Now, look at this crew; it says Judas had a band of soldiers with him… The Greek being translated band of soldiers here refers to a Roman military cohort. This was typically 1,000 rough, war-harden soldiers; usually 760 foot soldiers, and 240 cavalry… Now, that doesn’t necessarily mean that’s how many soldiers were with Judas; that’s just what the term typically refers to; it could have be as few as 200 war-harden soldiers… But, that’s still a lot of soldiers for just Jesus and the 11 disciples… No doubt, with the soldiers and Jewish officers and Pharisees (the Temple Police), they clearly expected, at worst, a mob and for Jesus not to go quietly into that good night, and at best, they expected Jesus and a group of His followers who may or may not resist arrest… So either way, they were coming to arrest Jesus and His followers; and they were armed and ready for battle…

Now look at how Jesus responds to all of this. In verse four we read, “Then Jesus, knowing all that would happen to him, came forward and said to them, ‘Whom do you seek?’” So again, Jesus knew exactly what was going on and what was going to happen; and yet He doesn’t hide, and He doesn’t back down, but steps forward… Now again, He knew why they were there… John says He knows all… And this goes right along with what John has been telling us over and over again in his Gospel: that Jesus is God… He is the all-knowing God of the universe… And here He steps forward boldly, knowing what’s coming, and says, “Whom do you seek?”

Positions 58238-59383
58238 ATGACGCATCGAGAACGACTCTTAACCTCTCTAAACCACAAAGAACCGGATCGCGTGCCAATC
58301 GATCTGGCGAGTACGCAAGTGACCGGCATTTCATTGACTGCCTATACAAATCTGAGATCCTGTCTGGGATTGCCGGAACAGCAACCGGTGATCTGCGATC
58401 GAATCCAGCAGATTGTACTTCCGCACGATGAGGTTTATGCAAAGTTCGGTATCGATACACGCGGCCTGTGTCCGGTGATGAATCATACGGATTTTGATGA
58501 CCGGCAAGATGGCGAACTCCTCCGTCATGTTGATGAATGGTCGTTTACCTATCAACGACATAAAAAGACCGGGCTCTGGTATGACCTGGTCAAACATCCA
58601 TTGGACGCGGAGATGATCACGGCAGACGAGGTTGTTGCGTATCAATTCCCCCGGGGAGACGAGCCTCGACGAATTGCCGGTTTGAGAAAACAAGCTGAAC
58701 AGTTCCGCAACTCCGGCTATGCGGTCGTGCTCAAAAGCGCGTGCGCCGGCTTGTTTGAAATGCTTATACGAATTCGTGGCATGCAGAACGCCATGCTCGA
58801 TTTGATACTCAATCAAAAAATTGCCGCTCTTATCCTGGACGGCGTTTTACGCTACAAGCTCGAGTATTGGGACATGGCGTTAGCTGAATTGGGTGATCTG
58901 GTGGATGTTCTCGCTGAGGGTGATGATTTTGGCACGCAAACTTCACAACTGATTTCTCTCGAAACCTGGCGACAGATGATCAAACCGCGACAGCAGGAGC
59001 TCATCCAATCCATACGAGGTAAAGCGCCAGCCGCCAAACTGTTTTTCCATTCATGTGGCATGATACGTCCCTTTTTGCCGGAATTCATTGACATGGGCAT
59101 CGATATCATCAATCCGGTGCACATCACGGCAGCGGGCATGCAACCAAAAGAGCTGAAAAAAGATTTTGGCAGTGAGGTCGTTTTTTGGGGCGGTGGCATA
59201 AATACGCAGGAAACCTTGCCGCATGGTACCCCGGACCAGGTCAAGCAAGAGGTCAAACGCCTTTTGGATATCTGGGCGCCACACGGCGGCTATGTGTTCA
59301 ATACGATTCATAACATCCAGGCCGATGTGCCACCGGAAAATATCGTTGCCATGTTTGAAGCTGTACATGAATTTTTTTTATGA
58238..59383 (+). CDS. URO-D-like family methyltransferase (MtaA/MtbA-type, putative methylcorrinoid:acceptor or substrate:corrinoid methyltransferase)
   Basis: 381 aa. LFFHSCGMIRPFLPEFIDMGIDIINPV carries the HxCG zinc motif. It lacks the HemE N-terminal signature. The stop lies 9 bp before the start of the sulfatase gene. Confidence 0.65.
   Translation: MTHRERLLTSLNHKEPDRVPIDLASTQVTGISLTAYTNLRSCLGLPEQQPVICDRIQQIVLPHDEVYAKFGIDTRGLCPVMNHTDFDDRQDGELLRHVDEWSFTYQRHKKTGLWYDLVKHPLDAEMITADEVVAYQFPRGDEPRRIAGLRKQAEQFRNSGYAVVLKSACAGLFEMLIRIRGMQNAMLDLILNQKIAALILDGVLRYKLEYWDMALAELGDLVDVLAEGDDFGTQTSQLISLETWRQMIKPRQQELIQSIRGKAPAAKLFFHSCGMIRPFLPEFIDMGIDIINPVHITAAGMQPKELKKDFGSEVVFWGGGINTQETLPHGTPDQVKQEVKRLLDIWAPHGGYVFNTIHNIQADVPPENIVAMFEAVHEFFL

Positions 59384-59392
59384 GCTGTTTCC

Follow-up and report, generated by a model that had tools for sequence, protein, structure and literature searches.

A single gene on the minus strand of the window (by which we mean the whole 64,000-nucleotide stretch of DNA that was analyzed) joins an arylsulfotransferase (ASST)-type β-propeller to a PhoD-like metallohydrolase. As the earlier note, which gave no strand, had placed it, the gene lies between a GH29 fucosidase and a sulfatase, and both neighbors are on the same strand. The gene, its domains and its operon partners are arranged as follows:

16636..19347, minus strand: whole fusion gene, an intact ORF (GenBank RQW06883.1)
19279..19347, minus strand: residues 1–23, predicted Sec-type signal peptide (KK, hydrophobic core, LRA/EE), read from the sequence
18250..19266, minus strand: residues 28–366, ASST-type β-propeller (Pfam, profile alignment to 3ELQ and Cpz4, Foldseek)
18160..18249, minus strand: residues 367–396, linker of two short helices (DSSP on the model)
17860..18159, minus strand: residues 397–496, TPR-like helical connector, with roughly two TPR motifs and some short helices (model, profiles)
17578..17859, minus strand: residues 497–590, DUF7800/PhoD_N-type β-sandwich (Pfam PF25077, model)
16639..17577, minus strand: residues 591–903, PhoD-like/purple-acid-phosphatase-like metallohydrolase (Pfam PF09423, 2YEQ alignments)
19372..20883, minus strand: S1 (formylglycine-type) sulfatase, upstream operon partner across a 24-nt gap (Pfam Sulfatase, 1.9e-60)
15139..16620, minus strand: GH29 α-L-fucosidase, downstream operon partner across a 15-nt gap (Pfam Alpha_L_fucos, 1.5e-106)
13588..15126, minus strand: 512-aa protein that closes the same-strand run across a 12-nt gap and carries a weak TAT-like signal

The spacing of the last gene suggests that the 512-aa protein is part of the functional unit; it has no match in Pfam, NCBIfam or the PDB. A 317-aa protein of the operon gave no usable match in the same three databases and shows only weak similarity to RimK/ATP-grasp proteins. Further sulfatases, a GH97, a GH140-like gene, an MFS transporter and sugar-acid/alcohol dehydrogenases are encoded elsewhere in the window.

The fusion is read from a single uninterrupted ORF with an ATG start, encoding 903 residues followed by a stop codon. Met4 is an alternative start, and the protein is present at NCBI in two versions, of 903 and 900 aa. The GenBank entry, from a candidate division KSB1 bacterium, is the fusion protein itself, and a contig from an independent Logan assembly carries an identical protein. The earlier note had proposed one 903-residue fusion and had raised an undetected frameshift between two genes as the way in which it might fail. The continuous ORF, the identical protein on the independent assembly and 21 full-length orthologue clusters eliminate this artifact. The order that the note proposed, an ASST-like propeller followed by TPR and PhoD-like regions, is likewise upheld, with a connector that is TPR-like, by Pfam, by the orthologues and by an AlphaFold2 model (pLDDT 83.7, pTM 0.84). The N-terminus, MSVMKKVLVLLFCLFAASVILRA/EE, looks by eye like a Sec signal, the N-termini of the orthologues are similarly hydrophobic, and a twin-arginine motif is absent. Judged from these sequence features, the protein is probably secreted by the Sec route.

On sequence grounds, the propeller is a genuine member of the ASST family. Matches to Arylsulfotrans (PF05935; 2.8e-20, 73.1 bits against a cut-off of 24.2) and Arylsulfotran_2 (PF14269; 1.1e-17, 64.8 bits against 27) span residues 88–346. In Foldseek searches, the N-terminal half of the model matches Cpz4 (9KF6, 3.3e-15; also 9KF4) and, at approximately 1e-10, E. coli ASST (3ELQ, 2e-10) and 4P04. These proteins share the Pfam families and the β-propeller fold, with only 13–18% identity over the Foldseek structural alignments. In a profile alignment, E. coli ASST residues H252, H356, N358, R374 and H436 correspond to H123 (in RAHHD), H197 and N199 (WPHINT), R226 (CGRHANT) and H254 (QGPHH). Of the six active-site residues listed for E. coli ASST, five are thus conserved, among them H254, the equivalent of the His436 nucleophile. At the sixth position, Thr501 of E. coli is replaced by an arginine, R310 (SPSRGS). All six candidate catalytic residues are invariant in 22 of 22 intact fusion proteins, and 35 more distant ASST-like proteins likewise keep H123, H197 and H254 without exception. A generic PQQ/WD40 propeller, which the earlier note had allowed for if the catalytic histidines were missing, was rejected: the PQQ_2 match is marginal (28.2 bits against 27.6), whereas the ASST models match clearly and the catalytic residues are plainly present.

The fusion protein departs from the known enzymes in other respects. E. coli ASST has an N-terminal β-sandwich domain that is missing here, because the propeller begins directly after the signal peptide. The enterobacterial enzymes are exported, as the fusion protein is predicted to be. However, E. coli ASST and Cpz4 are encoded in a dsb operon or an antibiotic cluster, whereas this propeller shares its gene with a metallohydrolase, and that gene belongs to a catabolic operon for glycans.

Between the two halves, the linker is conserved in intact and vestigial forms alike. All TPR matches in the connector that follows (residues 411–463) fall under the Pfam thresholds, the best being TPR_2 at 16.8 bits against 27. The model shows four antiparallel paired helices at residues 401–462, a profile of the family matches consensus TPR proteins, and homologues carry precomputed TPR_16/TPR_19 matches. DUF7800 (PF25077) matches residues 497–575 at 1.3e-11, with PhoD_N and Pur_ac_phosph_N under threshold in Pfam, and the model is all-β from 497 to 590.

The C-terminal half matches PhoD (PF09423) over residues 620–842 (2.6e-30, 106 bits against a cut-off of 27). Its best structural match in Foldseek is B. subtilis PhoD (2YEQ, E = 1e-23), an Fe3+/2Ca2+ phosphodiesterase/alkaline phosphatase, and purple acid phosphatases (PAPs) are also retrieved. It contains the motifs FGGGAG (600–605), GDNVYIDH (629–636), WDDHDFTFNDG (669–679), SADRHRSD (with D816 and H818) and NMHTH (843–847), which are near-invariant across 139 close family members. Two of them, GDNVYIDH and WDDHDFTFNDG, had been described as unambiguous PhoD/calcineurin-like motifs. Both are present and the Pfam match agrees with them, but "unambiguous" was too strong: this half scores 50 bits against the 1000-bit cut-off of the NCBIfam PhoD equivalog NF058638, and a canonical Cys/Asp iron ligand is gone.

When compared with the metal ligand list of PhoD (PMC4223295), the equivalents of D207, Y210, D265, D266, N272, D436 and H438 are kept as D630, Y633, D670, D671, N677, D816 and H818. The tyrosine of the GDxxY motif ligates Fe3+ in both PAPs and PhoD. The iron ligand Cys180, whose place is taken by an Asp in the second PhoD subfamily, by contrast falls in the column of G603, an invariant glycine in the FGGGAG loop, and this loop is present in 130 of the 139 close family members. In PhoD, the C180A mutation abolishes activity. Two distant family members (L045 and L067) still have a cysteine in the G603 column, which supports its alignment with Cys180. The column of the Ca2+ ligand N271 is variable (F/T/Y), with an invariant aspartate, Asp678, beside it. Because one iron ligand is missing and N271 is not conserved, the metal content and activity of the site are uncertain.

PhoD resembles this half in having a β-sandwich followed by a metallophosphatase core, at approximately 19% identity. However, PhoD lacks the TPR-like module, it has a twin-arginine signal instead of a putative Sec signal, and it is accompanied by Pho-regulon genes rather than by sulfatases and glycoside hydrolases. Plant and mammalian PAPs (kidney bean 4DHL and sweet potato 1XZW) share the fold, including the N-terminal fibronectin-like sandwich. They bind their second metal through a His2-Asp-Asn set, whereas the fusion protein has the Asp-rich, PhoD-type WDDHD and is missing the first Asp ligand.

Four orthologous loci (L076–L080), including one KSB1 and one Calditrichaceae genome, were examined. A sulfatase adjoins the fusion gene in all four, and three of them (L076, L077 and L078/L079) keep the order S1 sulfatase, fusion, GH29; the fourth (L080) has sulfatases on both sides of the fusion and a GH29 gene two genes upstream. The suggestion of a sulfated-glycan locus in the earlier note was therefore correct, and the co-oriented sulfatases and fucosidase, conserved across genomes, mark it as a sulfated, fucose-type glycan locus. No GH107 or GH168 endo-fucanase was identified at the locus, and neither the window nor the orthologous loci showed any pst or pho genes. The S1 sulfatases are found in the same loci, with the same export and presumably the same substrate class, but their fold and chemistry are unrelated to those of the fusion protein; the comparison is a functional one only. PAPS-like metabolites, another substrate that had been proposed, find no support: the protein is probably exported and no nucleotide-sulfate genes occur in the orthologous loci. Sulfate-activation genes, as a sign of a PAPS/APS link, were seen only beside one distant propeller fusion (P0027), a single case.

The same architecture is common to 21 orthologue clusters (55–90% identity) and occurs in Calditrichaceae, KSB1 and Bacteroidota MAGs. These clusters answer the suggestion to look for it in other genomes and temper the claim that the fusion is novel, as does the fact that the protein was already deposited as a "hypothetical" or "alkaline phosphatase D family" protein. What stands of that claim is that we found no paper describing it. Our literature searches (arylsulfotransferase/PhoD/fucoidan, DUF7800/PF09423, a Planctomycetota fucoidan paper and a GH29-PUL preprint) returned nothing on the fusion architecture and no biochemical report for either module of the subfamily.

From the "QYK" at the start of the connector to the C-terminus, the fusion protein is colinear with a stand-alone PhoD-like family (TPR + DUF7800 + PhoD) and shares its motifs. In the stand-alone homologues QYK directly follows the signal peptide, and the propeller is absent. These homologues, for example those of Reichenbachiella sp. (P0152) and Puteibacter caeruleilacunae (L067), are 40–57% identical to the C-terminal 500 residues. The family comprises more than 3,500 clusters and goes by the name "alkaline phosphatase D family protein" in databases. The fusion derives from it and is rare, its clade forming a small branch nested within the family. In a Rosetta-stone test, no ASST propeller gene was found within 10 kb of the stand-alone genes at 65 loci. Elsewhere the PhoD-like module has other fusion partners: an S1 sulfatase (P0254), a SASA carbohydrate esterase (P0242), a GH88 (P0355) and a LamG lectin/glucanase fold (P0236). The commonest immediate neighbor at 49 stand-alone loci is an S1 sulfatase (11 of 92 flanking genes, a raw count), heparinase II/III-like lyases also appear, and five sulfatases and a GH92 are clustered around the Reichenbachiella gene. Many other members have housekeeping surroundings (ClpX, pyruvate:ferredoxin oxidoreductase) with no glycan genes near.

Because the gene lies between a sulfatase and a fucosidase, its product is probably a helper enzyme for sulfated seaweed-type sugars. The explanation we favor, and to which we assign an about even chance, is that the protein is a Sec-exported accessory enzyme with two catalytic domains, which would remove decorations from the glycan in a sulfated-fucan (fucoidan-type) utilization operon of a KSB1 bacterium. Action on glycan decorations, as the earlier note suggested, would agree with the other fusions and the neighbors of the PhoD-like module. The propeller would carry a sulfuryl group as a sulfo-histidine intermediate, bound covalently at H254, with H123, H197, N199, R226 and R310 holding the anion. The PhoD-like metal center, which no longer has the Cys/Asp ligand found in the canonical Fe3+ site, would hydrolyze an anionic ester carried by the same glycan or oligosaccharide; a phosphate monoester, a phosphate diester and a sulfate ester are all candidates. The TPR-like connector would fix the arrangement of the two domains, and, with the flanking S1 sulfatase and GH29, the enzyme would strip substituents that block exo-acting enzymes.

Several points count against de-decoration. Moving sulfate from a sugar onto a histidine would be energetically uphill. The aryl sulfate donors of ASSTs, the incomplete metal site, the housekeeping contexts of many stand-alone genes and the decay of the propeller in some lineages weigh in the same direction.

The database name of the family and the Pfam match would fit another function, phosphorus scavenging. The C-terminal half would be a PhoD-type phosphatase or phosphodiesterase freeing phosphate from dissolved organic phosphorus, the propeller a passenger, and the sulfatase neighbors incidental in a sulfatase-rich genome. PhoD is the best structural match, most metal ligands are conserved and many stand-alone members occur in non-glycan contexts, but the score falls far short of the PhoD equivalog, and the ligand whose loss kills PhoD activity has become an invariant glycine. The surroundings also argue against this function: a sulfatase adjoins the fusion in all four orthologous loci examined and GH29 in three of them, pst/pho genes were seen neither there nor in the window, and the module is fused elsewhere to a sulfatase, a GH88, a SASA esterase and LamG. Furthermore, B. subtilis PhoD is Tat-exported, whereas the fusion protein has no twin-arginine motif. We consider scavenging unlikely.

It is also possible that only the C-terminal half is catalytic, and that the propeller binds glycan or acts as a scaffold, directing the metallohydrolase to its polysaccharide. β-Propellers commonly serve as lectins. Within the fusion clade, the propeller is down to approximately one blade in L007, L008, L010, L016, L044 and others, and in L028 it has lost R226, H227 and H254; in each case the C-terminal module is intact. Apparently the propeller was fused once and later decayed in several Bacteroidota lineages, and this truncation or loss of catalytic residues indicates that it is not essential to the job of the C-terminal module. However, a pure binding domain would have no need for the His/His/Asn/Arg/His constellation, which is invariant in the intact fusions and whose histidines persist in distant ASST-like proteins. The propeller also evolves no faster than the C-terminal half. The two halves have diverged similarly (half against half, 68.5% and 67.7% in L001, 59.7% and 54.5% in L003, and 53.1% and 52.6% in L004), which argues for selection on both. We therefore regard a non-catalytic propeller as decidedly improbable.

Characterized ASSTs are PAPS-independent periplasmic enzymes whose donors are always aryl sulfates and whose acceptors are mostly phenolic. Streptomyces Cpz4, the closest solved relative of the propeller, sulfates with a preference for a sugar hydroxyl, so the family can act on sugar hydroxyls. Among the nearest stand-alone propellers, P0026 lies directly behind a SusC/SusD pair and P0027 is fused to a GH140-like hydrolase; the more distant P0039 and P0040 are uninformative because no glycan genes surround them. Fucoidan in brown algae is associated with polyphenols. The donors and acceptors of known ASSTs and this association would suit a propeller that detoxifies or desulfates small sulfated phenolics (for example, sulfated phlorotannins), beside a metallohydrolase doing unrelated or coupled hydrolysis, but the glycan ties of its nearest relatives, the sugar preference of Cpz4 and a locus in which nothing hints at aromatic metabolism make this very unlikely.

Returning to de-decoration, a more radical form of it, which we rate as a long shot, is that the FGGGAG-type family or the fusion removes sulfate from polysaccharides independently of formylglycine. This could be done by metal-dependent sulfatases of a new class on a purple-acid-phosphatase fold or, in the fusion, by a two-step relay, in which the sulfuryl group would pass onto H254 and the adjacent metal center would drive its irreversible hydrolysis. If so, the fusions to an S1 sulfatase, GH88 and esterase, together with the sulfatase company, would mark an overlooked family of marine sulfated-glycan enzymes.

In verse five they answer Him and say, “Jesus of Nazareth.” And Jesus says to them, “I am he.” So Jesus steps up and confronts them, asking them who they’re after… They tell Him, and the way He responds is remarkable… Unfortunately, you can’t see how remarkable this is in English, but in the Greek you can… You see, Jesus doesn’t actually say, “I am He…” He says, “Ἐγώ εἰμι.” Which means, I, I AM, or I AM, I AM… And what He’s doing is identifying Himself as the same God who told Moses that His name is, “I AM…” Knowing full well that this crew is there to arrest Him, partially because of His claims to be God in the flesh, He still boldly responds by telling them that He is the Great I AM… He is indeed God in the flesh… This was the covenant name that God gave Himself in the Old Testament, and here Jesus claims that same name for Himself… So, He isn’t merely telling them that He is indeed Jesus of Nazareth, but that He is indeed God

And look at what happens as Jesus proclaims who He is. In verse six it says, “When Jesus said to them, ‘I am he,’ (or I AM) they drew back and fell to the ground.” Jews and Gentiles; Judas, the Temple Police, and at least 200 of the toughest Roman soldiers there were draw back and fall to the ground at the sound of this great name… Now, why would they do that? What’s going on here?

Because Jesus is the holy God of the universe this army has no power over Him, but on the contrary, He has power over them… As Jesus says elsewhere to Peter, He could call down a legion of angels to deliver Him, and they would… But, more amazing than that, at the power of His Word and His name, their knees buckle… God’s name is powerful… God’s Word is powerful… And the incarnate Word of God, Jesus Himself is powerful… He is the sovereign God in the flesh… He merely looks at them and says, “I AM…” and they cannot stand… He’s that powerful… He’s that sovereign…